Saturday, August 30, 2008

Privacy In Switzerland

Switzerland Still Has the Guts to Fight for Your Privacy - Even if UBS Doesn't

Two months ago a U.S. District Court judge in Miami, Florida, authorized the U.S. Internal Revenue Service to go after information from Switzerland's largest bank, UBS. In other words, the court gave its blessing for the IRS to go on a fishing expedition for supposed American tax evaders at UBS. In my opinion, the court was wrong to make this blanket assumption. But then again, I have already stated my views on the invalidity of this U.S. court trying to override the Swiss laws.In any case, the court order allowed the IRS to serve a summons on UBS. In short, the IRS wants information (including identities) on 19,000 Americans with UBS accounts in Switzerland. It's important to note that UBS has extensive operations and thousands of employees in the United States.
UBS May Have Hung Their American Clients Out to Dry... But Switzerland Isn't Budging
This court order came about because the UBS private bankers may have been stupid enough to advise wealthy Americans on how to evade taxes (at least according to the IRS). The UBS situation was the subject of a series of noisy, demagogic anti-tax haven hearings in the Democrat-controlled U.S. Senate last month.At the time I wrote: "The big question now is whether UBS, the supposed giant of Swiss banking, will have the guts to take a strong stand based on the Swiss bank secrecy laws and fight for the principle of its clients' financial privacy...""Even if UBS is willing to abandon its American customers to the IRS, I suspect that official Switzerland...[is] going to stand and fight for their basic bank secrecy laws -- laws that have been revised and updated to accommodate reasonable law enforcement requirements."Well, UBS went beyond abandoning their American clients in one respect. They announced then and there that the Swiss-based UBS is abruptly ending its private banking services to Americans. In other words, if you're an American banking in Switzerland at UBS, you're out of luck. In fact, thousands of Americans with UBS accounts were suddenly left high and dry. Our Swiss banking contacts tell us that other Swiss banks are refusing to accept UBS American clients seeking new banks there. They obviously don't want to inherit alleged UBS tax evasion problems with the IRS.U.S. clients are especially nervous because the UBS statement said it would work with the U.S. government to identify the names of its clients who may have engaged in "tax fraud." (That phrase has special meaning in Swiss law because tax evasion per se is not a crime in Switzerland.)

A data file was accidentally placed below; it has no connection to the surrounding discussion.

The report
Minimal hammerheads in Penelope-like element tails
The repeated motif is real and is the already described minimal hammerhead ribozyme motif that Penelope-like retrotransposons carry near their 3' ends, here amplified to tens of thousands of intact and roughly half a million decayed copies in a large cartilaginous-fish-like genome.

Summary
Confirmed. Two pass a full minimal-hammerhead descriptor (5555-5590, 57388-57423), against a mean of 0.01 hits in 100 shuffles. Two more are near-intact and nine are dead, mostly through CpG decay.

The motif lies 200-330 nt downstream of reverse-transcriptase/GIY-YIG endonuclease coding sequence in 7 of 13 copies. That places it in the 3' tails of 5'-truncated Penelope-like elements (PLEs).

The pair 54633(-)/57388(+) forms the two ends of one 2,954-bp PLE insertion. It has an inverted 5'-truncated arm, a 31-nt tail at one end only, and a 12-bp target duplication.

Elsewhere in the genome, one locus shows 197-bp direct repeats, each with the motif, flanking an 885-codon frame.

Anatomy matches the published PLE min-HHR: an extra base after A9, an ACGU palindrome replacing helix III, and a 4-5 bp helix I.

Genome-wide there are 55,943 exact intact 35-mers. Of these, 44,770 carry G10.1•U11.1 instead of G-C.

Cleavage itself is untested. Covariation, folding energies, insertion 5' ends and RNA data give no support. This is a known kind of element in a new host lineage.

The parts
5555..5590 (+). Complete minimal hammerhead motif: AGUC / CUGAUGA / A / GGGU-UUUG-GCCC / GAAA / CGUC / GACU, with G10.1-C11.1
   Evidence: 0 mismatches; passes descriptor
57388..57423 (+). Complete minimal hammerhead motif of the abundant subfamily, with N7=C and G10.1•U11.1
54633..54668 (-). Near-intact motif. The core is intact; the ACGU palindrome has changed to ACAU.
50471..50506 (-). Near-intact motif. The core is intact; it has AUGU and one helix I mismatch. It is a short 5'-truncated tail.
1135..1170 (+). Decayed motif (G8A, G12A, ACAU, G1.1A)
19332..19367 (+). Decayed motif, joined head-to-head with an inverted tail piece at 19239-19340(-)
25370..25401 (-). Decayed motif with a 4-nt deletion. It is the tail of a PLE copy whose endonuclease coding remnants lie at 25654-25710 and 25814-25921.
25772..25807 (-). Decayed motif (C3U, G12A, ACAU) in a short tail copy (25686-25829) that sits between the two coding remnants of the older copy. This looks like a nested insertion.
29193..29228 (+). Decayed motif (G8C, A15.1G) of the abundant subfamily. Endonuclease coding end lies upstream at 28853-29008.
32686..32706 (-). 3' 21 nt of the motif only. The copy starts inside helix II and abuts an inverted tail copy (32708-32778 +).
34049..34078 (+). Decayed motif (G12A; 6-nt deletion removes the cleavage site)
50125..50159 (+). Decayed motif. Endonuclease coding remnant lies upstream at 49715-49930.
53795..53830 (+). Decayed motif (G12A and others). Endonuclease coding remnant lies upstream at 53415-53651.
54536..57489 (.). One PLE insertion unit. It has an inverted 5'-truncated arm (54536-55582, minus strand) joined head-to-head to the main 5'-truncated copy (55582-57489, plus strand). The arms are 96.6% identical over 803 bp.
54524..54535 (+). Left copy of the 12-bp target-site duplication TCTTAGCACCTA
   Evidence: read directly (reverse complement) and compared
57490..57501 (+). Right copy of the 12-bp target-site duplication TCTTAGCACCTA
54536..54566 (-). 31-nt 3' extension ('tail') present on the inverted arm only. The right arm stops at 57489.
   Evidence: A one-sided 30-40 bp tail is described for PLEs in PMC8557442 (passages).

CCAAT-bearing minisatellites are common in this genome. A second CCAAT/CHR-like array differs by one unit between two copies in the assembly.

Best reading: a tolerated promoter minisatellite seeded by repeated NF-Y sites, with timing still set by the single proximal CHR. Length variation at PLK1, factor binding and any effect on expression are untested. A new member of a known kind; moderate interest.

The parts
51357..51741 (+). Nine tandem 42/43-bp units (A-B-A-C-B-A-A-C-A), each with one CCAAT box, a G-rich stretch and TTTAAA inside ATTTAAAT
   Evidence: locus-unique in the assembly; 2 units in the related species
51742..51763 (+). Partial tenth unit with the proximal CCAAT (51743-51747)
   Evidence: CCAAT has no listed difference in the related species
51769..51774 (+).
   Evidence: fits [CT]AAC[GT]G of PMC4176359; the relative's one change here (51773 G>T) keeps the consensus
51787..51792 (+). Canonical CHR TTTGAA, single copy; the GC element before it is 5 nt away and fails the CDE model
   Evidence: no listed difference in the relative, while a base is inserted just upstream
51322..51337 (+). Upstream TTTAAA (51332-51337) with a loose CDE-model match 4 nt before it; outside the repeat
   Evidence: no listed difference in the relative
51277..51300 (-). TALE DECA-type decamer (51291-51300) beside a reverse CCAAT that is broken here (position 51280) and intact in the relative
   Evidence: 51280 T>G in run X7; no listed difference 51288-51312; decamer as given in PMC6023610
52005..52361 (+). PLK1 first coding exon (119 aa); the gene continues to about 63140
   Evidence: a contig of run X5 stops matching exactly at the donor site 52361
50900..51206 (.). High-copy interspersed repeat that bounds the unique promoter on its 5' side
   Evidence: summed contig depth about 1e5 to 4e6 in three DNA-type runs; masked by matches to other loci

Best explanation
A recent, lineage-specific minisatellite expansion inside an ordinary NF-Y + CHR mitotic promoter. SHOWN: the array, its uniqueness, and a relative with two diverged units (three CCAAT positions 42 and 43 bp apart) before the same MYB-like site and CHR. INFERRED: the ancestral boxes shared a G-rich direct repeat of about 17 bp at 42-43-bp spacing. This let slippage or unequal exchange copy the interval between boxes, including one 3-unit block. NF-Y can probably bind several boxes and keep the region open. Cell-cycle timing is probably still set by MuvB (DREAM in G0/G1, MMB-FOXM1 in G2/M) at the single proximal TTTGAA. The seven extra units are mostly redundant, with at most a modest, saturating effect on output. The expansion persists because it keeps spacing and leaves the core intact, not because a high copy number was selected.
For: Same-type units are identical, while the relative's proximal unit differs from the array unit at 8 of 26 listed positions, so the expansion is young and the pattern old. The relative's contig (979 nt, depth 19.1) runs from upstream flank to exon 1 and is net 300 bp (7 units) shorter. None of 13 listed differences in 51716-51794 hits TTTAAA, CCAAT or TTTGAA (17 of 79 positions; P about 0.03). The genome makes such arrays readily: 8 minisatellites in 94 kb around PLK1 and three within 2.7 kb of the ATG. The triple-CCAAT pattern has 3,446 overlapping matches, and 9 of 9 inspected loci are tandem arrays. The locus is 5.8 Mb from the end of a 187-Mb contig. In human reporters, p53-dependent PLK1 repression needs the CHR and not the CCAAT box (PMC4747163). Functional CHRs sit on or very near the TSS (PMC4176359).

You Can't Shake the Swiss Government